Week 3 is here, and the Atlanta Falcons are once again 0-2 to open the season. Luckily, the team faces its most winnable game yet with a matchup against the Seattle Seahawks (1-1). Even though the game is on the road, the Falcons are currently just 1-point underdogs against the Seahawks according to DraftKings Sportsbook.
Here at The Falcoholic, we like to think we keep you all incredibly well-informed on all things Falcons. We’re not nearly as diligent in covering the Seahawks, so I’ve enlisted the help of a Seattle expert: John Gilbert. John is the deputy editor covering the Seahawks over at SB Nation’s Field Gulls.
I brought five questions to John to try to get a better read on how the Seahawks have looked over the first few games, including a surprising upset over the Broncos in Week 1. Read on for his answers.
Q1. The Seahawks opened the season with a surprising win over the Broncos before falling to the 49ers in Week 2. Heading into Week 3 at 1-1, how are you feeling about Seattle’s start to the season?
John Gilbert: It was absolutely phenomenal to get the season opening win over the Broncos, and in particular ruined the debut of Russell Wilson for Denver. That said, the defense has been gashed repeatedly and the offense putrid for much of their time on the field, so it’s certainly great to be 1-1, but it almost feels like that may be a misleading record because of how poorly the team has played on both sides of the ball.
With that in mind, it’s a team that has played the majority of the first two games with three first year starters on the offensive line in Charles Cross, Abe Lucas and Phil Haynes, while on the defensive side of the ball much of the personnel is on the field because of his youth and upside potential rather than his experience and proven performance. Add in a new defensive scheme that players are still learning their assignments while gaining the experience necessary to play at a competent level in the NFL, and things are about where one would expect them to be.
In short, this is a team that is working towards building for the future, and there could be significant growing pains in the coming weeks on both sides of the ball. The result should lead to a better team in the second half of the year and into 2023, but for now this is a team that probably won’t be as good as the majority of Seahawks teams over the past decade.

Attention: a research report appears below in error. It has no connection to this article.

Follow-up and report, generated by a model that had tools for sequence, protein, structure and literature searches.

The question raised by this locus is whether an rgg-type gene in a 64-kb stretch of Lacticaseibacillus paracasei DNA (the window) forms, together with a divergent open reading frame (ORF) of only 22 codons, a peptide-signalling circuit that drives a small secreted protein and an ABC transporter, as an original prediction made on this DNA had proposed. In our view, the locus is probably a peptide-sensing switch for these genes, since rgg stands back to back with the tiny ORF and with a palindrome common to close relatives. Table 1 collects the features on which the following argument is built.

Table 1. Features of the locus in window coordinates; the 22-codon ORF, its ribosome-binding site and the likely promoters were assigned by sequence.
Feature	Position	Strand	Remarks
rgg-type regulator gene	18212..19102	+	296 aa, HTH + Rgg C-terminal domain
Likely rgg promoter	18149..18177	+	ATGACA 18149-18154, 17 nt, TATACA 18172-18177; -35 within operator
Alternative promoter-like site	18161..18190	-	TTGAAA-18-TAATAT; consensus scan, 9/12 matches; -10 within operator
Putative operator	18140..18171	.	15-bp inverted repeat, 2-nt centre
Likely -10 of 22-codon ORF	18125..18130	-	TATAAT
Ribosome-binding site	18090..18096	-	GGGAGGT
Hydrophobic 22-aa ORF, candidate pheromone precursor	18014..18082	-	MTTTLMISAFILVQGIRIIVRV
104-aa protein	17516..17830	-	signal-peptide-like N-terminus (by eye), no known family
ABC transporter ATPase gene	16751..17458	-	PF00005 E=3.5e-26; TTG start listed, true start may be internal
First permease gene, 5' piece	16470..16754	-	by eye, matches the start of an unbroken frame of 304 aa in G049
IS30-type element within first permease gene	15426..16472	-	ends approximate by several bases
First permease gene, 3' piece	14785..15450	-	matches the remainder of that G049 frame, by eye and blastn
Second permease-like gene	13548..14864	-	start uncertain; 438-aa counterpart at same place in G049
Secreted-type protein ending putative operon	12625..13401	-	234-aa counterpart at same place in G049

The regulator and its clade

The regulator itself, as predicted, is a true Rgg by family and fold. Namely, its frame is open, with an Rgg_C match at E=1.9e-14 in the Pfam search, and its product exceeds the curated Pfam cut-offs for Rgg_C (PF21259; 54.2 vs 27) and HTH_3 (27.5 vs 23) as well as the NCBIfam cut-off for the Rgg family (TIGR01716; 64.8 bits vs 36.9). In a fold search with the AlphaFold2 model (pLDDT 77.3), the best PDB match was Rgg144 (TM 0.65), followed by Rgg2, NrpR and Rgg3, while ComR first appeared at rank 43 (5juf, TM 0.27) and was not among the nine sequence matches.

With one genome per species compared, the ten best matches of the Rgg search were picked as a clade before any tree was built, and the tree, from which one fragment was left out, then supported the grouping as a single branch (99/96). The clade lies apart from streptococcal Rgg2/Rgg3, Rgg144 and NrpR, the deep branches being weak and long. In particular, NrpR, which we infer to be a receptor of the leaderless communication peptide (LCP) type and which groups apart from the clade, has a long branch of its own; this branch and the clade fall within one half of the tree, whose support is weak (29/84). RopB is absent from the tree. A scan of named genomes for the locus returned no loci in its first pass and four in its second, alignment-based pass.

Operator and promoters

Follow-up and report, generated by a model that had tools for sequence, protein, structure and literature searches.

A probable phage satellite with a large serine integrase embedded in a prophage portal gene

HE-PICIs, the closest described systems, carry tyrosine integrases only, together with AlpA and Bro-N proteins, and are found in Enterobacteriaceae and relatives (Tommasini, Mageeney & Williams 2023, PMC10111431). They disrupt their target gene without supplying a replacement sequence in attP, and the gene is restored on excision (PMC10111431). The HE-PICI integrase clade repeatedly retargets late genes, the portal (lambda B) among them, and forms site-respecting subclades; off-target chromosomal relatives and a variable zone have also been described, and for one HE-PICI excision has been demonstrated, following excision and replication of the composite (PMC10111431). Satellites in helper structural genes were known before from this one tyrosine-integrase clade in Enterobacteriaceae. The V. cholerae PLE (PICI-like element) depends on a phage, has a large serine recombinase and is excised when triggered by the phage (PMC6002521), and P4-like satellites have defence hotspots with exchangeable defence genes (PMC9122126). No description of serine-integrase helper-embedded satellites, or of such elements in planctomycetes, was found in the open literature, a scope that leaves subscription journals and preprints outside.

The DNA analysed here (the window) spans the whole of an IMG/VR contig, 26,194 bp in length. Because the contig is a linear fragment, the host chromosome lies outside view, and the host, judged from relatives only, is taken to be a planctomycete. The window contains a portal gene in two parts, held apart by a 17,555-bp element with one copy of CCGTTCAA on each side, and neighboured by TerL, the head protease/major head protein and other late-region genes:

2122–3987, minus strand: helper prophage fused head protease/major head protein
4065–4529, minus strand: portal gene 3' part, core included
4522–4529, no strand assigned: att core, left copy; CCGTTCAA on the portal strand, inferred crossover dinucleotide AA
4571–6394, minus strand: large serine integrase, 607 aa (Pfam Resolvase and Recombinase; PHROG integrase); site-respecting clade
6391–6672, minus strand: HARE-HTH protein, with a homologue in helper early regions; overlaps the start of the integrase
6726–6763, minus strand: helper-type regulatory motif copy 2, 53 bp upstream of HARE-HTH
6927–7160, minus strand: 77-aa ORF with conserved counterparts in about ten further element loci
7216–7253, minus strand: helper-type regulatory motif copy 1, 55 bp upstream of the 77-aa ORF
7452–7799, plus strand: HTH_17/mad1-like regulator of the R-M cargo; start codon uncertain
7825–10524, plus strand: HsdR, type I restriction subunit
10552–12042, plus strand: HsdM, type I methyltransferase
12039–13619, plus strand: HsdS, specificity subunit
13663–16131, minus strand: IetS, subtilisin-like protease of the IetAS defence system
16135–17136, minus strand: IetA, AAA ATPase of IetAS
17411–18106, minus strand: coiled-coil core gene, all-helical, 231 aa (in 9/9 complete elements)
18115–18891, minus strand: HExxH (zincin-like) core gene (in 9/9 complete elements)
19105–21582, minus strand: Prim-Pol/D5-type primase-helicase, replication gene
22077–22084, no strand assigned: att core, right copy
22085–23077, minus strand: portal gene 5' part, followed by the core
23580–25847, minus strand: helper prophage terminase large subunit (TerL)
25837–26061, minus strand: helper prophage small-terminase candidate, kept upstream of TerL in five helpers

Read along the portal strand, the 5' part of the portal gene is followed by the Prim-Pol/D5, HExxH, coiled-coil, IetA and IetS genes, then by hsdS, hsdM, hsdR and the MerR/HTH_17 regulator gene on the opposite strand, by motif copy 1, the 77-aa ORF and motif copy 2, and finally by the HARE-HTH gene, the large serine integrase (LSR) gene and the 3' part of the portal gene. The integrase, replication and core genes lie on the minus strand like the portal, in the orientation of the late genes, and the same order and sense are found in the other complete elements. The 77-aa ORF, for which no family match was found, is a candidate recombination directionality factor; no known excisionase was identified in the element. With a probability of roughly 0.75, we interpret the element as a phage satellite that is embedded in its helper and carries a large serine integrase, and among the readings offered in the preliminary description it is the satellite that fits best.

Q2. Geno Smith is leading the league in completion percentage at 81%, but the Seahawks have scored just 12 points per game over two weeks (29th in the league). What’s the main reason for the offense’s struggles so far, despite Smith playing reasonably well to start the season?
JG: The Seahawks have thrown the ball a lot, and Geno has certainly hit his receivers the majority of the time, but they have not challenged defenses down the field. In the first half of the win over Denver, the Broncos defense was primarily using linebackers to cover the Seahawks tight ends, and that allowed the trio of Will Dissly, Noah Fant and Colby Parkinson to put up 98 receiving yards in the first half. In the second half Denver started covering those three with defensive backs with better speed and coverage skills, and then the Niners did the same thing in Week 2. The result has been just 15 yards to those three over the last six quarters, and with DK Metcalf and Tyler Lockett not challenging deep defenses consistently, that has allowed opponents to stack the box and stuff the run game.
In the wake of the loss to San Francisco, Pete Carroll was open about the fact that the reason they game planned in this manner was to protect the young and inexperienced offense line, but it appears they may be ready to rip the bandaid off and see how the youngsters perform when trying to pass protect for longer developing plays. The Falcons certainly don’t have the same pass rush as the Broncos or 49ers, but it could make for a long day for Geno Smith if the offense repeatedly looks to go deep.